Photo of the new Bed-Stuy location, courtesy of Starbucks
Starbucks has been all over the map, not only geographically but symbolically. Reactions to a new Starbucks often range from being a welcome addition by caffeine-deprived people to being the face of a large corporation that is a lightning rod for gentrification, threatening mom and pop shops. With 14,163 Starbucks in the US, what street corner doesn’t have a Starbucks? Well, the Bedford-Stuyvesant community didn’t, until now. A Starbucks just took over the location of shuttered local department store, Fat Albert. Is this another example of the big, faceless corporation blazing its way into a community that doesn’t want it?
The team at the Jamaica store, courtesy of Starbucks
City Council member Robert Cornegy says the community is quite mixed over their very first Starbucks. Cornegy explains that since 9/11, the makeup of the neighborhood has changed with the large influx of many Manhattan residents, many worry, this most recent development is more of the same.
But this isn’t your average Starbucks. In fact, it is part of a 2016 corporate initiative of Starbucks’ attempt to open cafes in low- and medium-income communities around the country. And, perhaps not well known, but Starbucks founder Howard Schultz was born in Brooklyn. So the company has come full circle.
Rodney Hines, Starbucks’ Director of Community Investments for U.S. Retail Operations is leading the initiative to open at least 15 cafes with the intent that the stores will be built by local contractors, baked goods will be provided by companies owned exclusively by women and minorities, and the cafes will attempt to hire young employees from within a five-mile radius. According to a Forbes article, “the stores are meant to be a key cog in Starbucks’ mission to hire 10,000 Opportunity Youth, residents between 16 and 24 facing systemic barriers to meaningful employment and education while boosting local economies.”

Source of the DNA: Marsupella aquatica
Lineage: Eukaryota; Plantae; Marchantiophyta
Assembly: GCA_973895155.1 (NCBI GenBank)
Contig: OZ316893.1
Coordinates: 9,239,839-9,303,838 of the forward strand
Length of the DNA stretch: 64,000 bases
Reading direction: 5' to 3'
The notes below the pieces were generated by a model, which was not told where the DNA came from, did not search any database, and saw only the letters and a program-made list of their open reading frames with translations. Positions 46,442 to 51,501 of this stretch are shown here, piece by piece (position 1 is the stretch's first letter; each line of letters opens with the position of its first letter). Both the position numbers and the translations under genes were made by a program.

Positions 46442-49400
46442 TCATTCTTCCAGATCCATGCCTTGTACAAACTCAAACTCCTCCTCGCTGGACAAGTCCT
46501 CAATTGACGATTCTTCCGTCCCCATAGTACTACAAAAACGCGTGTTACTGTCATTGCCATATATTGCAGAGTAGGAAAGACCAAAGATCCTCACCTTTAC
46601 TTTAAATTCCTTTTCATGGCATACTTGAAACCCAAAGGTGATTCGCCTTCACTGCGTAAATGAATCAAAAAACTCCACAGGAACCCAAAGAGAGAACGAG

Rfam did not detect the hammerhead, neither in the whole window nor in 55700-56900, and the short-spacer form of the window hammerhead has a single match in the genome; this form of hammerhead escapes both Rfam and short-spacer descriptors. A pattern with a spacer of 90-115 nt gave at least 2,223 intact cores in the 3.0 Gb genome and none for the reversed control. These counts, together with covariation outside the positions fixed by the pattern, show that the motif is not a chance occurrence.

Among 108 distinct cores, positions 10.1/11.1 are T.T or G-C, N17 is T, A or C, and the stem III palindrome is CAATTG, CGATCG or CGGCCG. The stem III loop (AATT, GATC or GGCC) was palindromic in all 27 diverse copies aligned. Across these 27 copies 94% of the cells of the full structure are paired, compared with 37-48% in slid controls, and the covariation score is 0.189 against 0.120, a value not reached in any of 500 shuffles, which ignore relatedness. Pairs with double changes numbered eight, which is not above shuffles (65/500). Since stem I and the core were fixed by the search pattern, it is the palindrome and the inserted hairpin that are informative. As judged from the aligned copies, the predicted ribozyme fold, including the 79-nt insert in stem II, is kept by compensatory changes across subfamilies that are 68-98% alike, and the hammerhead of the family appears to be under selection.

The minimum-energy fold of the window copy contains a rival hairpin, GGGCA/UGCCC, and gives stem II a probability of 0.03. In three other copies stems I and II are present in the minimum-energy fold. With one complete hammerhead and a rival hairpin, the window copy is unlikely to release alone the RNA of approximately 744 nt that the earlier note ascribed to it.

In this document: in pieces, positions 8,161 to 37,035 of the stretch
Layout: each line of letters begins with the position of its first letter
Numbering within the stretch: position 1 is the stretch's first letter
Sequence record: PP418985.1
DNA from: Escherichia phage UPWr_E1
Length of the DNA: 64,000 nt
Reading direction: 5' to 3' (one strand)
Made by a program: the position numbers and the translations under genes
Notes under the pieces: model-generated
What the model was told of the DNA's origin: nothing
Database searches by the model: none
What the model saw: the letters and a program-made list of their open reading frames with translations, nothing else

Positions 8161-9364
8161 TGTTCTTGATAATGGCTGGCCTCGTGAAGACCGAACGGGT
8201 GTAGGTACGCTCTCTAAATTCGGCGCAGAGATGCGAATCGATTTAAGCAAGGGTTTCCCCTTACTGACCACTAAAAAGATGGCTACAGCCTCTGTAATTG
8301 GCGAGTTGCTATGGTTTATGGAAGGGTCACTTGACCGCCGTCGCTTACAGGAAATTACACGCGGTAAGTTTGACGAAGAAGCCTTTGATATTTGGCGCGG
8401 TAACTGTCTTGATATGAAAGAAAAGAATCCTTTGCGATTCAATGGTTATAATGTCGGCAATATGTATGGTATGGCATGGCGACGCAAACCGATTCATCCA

As amNY reports, “The first launched in Jamaica, Queens, in early 2016, setting an example for five other outposts in Ferguson, Missouri, central Phoenix, Chicago’s Southside, East Baltimore and Long Beach, California.” Since opening, the Queens location has provided retail training to more than 60 youth. In addition, 347 additional youth have been served by the company’s partnerships with Queens Community House (QCH) and YMCA’s Y Roads Centers.
Although Starbucks may have the reputation of leading the gentrification push, this opening is actually quite different. Local leaders and Starbucks’ corporate staff are hoping the community will give it a chance.
- Coffee Culture: Are Neighborhood Cafes the First Sign of Gentrification?
- Bed-Stuy: From Harlem and Hip-Hop to Hipsters, Hassids and High Rents
- The Whole Foods Effect: Does the Green Grocery Increase Home Values?
Tags : starbucks
Neighborhoods : Bed-Stuy